This was particularly true of their literary and artistic tastes. The bucolic culture of the semiliterate was brilliantly catered for in the crude entertainments of St. Bartholomew’s Fair, which still attracted the growing middle classes but also created in them a sense of uneasiness. They came to prefer the more genteel versions of pantomime. These Londoners of moderate means also hungered for fashion, to be à la mode, and to enjoy the more elegant pleasures of the aristocracy—fine pictures and orchestral music which they lacked the means to provide for themselves, unlike the Duke of Chandos with his orchestra or Sir Robert Walpole with his gallery of old masters. What they could not enjoy personally they came to enjoy vicariously.

In literature, this market was stimulated but never really seized until the publication of The Spectator, which provided exactly the right moral tone—and it is not surprising that it was The Spectator, as Paulson rightly points out, that triggered A Harlot’s Progress and gave Hogarth a success comparable to that of Addison and Steele and for exactly the same reason. And, again as Professor Paulson shrewdly notes, Hogarth’s engravings spoke to audiences at different levels, from the sophisticated to the naïve: for the former there was a complicated moral message, made intriguing by obvious clues that those with inside knowledge could read, and for the latter a simple truth, obvious to all, that the wages of sin are death.

Hogarth provided the pictures that men and women of modest but growing prosperity (or hope of it) wanted on their walls. There had been prints before Hogarth’s, but they had been expensive subscription engravings like those of Thornhill’s paintings at Greenwich or St. Paul’s, either these or prints from Paris or Amsterdam. There were a few political satires, little better than crude woodcuts.

Hogarth however had a very keen market sense and he was as ready as Josiah Wedgwood to exploit any trick that might enlarge his market or protect what he had captured. He used advertisement extensively, organized the Engravers’ Copyright Act, tried auctioning his own pictures, suggested to Jonathan Tyers that his Vauxhall Gardens should have a permanent exhibition of modern paintings, and, of course, he exploited his own studio by allowing pictures to be inspected and, when competition for them was sufficiently strong, selling them to the highest bidder. From the moment he started, Hogarth had a firm eye on sales.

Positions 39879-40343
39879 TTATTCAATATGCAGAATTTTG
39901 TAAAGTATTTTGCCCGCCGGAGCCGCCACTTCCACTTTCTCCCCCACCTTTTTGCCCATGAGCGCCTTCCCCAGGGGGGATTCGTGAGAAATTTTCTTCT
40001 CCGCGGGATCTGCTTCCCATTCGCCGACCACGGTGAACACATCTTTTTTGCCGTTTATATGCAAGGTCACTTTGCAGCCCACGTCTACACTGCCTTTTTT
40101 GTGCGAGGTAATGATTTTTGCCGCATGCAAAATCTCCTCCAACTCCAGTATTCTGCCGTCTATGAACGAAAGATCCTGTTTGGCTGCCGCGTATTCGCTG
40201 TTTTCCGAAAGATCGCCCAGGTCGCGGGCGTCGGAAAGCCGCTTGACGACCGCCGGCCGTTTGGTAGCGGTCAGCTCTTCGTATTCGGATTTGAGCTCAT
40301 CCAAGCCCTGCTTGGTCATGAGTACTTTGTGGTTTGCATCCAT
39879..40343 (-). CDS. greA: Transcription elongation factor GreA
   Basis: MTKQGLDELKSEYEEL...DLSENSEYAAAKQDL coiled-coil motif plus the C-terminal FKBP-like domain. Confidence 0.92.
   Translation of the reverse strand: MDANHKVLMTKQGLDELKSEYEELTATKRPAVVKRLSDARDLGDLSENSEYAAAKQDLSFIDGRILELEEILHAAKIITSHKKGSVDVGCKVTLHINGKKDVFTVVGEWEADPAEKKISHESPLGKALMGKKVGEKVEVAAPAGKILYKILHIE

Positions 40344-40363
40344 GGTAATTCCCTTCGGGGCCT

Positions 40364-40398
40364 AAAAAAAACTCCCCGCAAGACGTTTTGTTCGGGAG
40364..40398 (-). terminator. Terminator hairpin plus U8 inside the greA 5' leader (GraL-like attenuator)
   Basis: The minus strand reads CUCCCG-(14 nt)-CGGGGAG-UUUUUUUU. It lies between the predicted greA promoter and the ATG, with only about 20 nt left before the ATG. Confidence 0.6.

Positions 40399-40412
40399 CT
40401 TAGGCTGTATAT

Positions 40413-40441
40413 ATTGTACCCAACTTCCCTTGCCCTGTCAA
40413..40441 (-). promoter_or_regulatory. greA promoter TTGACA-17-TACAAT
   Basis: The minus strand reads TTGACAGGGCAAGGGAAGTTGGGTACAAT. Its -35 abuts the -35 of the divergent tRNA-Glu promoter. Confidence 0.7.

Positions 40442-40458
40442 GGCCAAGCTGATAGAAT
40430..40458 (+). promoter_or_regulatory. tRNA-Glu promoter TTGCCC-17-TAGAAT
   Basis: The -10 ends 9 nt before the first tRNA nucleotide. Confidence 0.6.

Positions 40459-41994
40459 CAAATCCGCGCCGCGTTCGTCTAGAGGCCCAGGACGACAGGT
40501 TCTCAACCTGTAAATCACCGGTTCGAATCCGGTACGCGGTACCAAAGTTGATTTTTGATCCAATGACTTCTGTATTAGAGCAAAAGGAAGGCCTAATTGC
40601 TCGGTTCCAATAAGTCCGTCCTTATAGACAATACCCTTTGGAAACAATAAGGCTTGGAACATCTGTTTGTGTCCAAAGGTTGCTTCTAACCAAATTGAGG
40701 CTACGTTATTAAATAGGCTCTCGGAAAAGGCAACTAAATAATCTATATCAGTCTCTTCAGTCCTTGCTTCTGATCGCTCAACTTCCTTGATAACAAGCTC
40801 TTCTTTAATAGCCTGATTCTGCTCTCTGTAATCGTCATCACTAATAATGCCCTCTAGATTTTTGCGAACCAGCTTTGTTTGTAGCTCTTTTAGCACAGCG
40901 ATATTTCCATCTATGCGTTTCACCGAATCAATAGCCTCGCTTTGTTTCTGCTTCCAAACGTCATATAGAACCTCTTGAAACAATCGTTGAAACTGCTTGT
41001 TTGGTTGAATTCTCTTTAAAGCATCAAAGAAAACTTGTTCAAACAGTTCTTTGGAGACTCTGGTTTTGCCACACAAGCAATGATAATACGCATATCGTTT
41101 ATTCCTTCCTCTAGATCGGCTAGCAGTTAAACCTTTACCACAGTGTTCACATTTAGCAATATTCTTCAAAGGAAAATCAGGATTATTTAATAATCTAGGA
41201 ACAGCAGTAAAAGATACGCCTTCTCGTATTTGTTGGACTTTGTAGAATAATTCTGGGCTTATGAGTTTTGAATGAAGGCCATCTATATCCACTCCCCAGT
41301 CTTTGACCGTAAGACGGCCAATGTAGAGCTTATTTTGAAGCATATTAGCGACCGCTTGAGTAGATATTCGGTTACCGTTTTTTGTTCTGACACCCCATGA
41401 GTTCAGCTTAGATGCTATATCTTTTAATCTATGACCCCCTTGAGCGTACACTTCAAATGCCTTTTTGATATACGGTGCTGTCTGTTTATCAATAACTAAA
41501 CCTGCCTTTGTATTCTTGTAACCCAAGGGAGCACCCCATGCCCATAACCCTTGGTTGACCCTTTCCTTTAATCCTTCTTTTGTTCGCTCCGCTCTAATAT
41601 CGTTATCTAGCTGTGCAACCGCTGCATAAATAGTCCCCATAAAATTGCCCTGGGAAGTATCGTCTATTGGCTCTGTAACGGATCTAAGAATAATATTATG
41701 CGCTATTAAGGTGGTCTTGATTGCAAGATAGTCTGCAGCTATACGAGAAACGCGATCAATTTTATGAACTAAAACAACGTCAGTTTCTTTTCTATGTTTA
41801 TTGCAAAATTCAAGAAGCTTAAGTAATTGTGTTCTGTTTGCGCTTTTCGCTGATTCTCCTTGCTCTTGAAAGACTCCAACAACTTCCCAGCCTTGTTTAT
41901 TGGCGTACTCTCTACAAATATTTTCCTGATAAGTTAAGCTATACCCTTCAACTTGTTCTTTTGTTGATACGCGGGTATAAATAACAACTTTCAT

What Hogarth enjoyed most was painting and engraving the stories that would have the widest appeal. He never missed an opportunity to depict contemporary people and events that he thought might sell: whether it was an imposter giving birth to rabbits or a servant girl condemned for slitting two old widow’s throats, Hogarth was there with his pencil. He responded to this new market with speed and dexterity, and sensed brilliantly its ambivalence: its hunger for sensationalism, for titillation of its passions, yet its responsiveness to a stern morality.

Because this audience, market, call it what you will, was Hogarth’s central preoccupation, he was often dissatisfied with his other types of painting conversation pieces, portraiture, and conventional history paintings. Nevertheless, his genius was so ebullient, his eye so quick and perceptive, his brush so fluent that he could not deny his abounding creative virtuosity. So we have the great masterpieces of portraiture and the brilliant oil sketches such as The Shrimp Girl.

Hogarth found a new market for art and exploited it. After A Harlot’s Progress England became a print exporting country and printmaking a considerable industry. As buyers became more confident and more sophisticated, they ventured into fields other than social morality and satire, buying the social elegances of Gainsborough and Reynolds, yet never quite so avidly as they had devoured A Harlot’s Progress.

Paulson suggests that many themes in Hogarth’s modern history paintings sprang from his ambivalence toward riches, which I think is a mistake. Hogarth deplored in his pictures dissipation, ostentation, and wasting money, or stressed the folly of pretending to aristocratic tastes when one was a mere bourgeois—sins that sober apprentices and solid merchants do not commit. Money is too sacred to use profanely.

Hogarth was a part of a wide cultural development in the middle decades of the eighteenth century, the growth of that middle-class consumer market in culture, one which enabled men and women of modest means to buy and borrow books, to purchase prints, and to go to concert halls; to go on holidays to towns designed for leisure; to sit in grandstands to watch sports horse racing and prize fighting—organized for their vicarious pleasure. Those who dominated this market and encouraged it to grow wanted, like Hogarth, to tease as many guineas from its pockets as they could. To do that required intuitive insight into its fears, its aspirations, its longings, as well as its hates and brutalities, and in this intuition Hogarth was as richly endowed as Addison or Steele or Richardson.